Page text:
- This quote: “We’re facing the stiffest political headwinds in the history of the industry,” James Greenwood, president of the trade group Biotechnology Innovation Organization, told the WSJ. BIO’s member companies include Amgen Inc., Johnson & Johnson and Pfizer Inc.
— WeWork’s CEO is out: WeWork co-founder and Chief Executive Adam Neumann "was forced to step down and cede control of the shared-office startup after its much-anticipated initial public offering was derailed, capping a swift fall from grace for the leader of one of the country’s most valuable startups,” the WSJ’s Eliot Brown, Dana Cimilluca, David Benoit and Maureen Farrell report.
“Mr. Neumann will also cede majority control of the company, with his voting shares reduced to 3-to-1 from 10-to-1, the people said. The company earlier this month had reversed a recent enhancement to Mr. Neumann’s voting power that allotted him 20 votes for each share he held.”
- The situation: “Mr. Neumann’s position at the company became tenuous after We postponed an IPO earlier this month amid concerns from prospective investors about its governance and ability to reverse big losses. That skepticism has placed a major dent in the company’s expected valuation, which has plummeted from $47 billion earlier this year to as low as $15 billion.”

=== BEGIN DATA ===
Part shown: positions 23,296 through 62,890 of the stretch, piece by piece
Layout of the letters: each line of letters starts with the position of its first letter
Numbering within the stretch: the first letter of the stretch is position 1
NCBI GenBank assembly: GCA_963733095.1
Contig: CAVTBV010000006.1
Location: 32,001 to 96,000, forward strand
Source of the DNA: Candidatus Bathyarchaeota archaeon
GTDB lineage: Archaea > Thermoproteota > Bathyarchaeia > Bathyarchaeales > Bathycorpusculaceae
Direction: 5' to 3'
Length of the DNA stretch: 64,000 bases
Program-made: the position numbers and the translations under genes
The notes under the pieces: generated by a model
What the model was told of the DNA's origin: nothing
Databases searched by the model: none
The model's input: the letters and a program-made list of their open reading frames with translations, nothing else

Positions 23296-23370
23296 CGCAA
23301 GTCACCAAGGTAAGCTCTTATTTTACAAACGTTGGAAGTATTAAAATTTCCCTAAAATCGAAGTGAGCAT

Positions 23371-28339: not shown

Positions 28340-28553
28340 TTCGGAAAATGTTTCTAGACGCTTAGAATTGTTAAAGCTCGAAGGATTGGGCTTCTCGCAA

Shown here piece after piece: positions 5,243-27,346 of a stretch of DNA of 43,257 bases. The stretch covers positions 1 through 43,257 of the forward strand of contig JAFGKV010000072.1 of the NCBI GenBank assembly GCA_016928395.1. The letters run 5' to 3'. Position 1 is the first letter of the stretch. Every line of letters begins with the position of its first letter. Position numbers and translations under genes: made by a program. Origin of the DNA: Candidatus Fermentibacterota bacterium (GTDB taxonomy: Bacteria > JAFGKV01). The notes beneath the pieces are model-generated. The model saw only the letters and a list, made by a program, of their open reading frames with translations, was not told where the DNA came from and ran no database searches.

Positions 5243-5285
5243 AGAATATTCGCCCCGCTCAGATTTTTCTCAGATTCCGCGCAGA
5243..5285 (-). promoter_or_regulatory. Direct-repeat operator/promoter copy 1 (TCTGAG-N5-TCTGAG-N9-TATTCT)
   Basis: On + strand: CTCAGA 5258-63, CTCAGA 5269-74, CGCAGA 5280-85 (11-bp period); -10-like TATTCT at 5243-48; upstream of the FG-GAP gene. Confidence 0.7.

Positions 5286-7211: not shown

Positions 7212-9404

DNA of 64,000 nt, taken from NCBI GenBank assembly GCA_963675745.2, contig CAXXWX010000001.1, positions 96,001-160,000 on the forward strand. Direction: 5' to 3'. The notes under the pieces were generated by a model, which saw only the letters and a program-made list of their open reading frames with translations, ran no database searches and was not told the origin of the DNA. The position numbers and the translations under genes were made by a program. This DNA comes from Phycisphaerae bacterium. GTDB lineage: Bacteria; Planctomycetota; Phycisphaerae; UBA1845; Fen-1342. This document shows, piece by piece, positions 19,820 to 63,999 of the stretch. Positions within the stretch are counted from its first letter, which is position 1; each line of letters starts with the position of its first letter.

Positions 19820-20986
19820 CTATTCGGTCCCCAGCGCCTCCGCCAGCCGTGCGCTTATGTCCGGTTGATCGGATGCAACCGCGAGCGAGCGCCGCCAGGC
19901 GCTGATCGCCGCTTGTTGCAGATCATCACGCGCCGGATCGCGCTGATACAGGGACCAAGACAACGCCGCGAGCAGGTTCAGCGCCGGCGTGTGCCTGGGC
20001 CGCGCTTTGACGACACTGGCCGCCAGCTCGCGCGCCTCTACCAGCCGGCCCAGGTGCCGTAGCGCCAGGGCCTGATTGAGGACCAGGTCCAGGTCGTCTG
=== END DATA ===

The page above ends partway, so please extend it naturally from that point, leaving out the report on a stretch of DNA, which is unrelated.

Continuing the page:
— Hedge fun runs into Trump’s vaping ban: “Jason Mudrick has been enjoying a run this year that most other hedge fund managers only dream of,” Bloomberg News’s Sridhar Natarajan and Josh Saul report. “His flagship fund at Mudrick Capital Management is up 32% on soaring valuations for one of the largest players in the U.S. vaping market. Now, that same bet could pose a headache for the maverick investor.”
“About $800 million, or almost 30% of the assets overseen by his firm, are tied to E-cigarette maker NJOY Holdings Inc., according to people with knowledge of the matter. Mudrick’s controlling stake in the vaping venture has powered pretty much all of the gains in his flagship fund this year at a time when many other managers are posting tepid returns.”
MONEY ON THE HILL
— Sanders calls for 8% wealth tax: Sen. Bernie Sanders (I-Vt.) "unveiled a proposal to create a new tax on the wealth of the richest Americans, including a steep tax on billionaires that could greatly diminish their fortunes,” the New York Times’s Thomas Kaplan reports.